WILLIAMSBURG - Thad White likes to help people and learn about other cultures.
As a junior at Bellwood-Antis High School, White was a foreign exchange student and lived on a farm in Poland.
White, 34, agricultural science teacher at Williamsburg High School since 2001, recently returned from a year in Baghdad as an adviser for the U.S. Department of Agriculture's Foreign Agricultural Service.
Thad White stands along the broken down water pump on the banks of the Diyala River. The Diyala River eventually ends up in the Tigris River not far from where this picture was taken.
Thad White stands with some village Sheiks talking about repairing a broken down water pumping station.
Thad White sits with two students that just received brand new computers as part of what he called the Agricultural Education Grant.
White, who took a leave of absence from his teaching job, served as an agricultural adviser with the Baghdad Provincial Reconstruction Team and worked side-by-side with U.S. military and government civilians as well as the Iraqi government and numerous non-governmental organizations. He helped with programs that are helping shape the future of Iraqi agriculture.
While in Iraq, White said he did a lot of work with widows and disadvantaged women and taught them how to preserve food through canning. He also helped start a pasta-making course and helped educate children about agriculture.
White, who lives in Bellwood, said he had to take a course to familiarize himself with Iraq and a course on weaponry and defensive driving to learn how to get out of ambush or kidnapping situations.
He said he didn't realize the importance of the mission which he volunteered for, until he arrived in Iraq as part of the reconstruction team.
"There were guys with doctorates and guys who had 25 years of experience in the field," White said. "I didn't realize until I got there that this was something special. We were treated like VIPs."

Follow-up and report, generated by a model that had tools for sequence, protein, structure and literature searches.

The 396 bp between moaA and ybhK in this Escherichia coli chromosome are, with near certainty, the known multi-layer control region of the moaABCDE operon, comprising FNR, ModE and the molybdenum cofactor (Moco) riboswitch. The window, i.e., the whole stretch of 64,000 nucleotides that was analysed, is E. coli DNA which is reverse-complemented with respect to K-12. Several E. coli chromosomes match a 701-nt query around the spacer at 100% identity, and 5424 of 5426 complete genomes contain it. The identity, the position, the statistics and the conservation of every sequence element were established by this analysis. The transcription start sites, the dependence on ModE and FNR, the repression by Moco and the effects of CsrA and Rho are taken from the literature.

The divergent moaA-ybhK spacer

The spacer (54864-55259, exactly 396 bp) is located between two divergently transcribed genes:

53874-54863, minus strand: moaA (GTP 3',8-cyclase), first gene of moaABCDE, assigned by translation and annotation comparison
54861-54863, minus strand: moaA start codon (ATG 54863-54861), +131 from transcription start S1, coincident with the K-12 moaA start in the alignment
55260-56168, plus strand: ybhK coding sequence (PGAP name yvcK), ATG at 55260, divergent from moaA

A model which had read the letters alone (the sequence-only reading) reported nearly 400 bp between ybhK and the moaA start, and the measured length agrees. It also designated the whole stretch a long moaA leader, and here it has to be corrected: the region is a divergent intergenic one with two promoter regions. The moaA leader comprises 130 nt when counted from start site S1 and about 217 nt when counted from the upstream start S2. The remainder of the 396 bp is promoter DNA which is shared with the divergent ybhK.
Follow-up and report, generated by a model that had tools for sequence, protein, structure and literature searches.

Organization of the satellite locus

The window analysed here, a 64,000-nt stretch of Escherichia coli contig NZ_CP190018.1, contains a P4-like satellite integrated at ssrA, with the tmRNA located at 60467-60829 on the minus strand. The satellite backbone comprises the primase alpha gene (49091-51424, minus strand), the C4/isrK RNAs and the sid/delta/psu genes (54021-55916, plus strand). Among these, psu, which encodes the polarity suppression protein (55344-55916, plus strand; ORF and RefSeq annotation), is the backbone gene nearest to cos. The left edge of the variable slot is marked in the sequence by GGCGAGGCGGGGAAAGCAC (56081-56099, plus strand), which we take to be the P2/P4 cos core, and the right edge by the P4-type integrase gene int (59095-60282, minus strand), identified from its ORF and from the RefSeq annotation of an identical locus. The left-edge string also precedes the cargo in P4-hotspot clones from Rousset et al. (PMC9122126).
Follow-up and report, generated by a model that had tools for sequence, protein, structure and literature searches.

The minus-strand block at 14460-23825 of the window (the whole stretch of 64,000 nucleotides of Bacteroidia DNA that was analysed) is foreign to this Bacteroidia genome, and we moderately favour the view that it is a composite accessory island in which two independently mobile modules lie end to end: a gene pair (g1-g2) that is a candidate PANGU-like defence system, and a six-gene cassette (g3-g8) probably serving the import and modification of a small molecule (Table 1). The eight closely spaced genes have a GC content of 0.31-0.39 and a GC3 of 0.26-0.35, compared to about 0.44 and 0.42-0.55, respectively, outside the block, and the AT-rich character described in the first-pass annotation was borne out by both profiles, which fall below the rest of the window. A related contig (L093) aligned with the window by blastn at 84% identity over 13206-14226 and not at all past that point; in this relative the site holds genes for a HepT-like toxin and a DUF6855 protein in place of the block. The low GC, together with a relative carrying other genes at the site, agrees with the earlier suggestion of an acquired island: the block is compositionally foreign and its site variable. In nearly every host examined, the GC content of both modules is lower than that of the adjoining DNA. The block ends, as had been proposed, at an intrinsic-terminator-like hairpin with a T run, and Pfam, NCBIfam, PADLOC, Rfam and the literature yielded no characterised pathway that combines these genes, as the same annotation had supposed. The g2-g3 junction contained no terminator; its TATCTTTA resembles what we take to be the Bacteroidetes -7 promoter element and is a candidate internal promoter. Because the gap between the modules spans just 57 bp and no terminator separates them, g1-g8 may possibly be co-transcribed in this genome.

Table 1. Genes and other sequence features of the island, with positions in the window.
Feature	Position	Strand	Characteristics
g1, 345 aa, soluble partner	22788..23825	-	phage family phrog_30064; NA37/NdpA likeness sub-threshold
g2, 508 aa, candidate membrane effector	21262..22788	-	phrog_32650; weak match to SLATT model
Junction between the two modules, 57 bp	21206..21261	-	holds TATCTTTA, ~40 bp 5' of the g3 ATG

White said he lived in the U.S. Embassy in Baghdad and never felt he was in any danger.
He called the trip a really good experience.
"I worked in the field with Iraqis. I got to work with them every day. I enjoyed learning about their culture and their views on the world," White said. "It was very humbling; I mingled with the locals and saw all of the nooks and crannies of Baghdad. We did everything to the best of our ability to talk to the civilians to make a difference."
He felt the mission was successful.
"I kept in my mind every minute I was there that there were things I needed to do. I worked every minute I could; I walked away believing I was successful in what I did. I was very pleased; every day was something new," White said. "We did all we could to make it work."
U.S. Agriculture Secretary Tom Vilsack recognized the efforts of White and the other volunteers.
"These USDA employees have played a vital role in furthering political and social stability throughout the world by building a foundation on which the economies of these countries will prosper, Vilsack said in a statement."
White said although he did not speak Arabic, he didn't have any issues with language because of his highly skilled interpreter, an American woman.
"I couldn't have done any of my work without my interpreter," White said. "She was in tune with the women of Baghdad."
White said he wished he could have done more during his year in Iraq.
"You weren't able to get out as much as you wanted to because of the threats. That is the nature of the area - it is a volatile area," White said. "That was the biggest challenge, not being able to do as much as we could. We could have done more."
He called the experience fulfilling.
"I learned so much. It was fulfilling to see the Iraqis. They opened their minds to things," White said. "When we saw how appreciative the people were, that was so fulfilling."
White said he appreciated the support from back home as people from throughout the area sent him things to give to the Iraqi people.
"They sent me a roomful of things to be distributed. The amount of toys and things for kids was unbelievable. We donated to schools and orphanages; the goodwill thing was like the cement. It was an absolute bonus," White said. "The people were glad to see you when you went out."
Students in White's agriculture classes soon will learn more about Iraq.
"When things slow down, I will incorporate things I have learned and the experiences into my class plan," White said. "The kids like listening but they haven't heard anything yet."
Mirror Staff Writer Walt Frank is at 946-7467.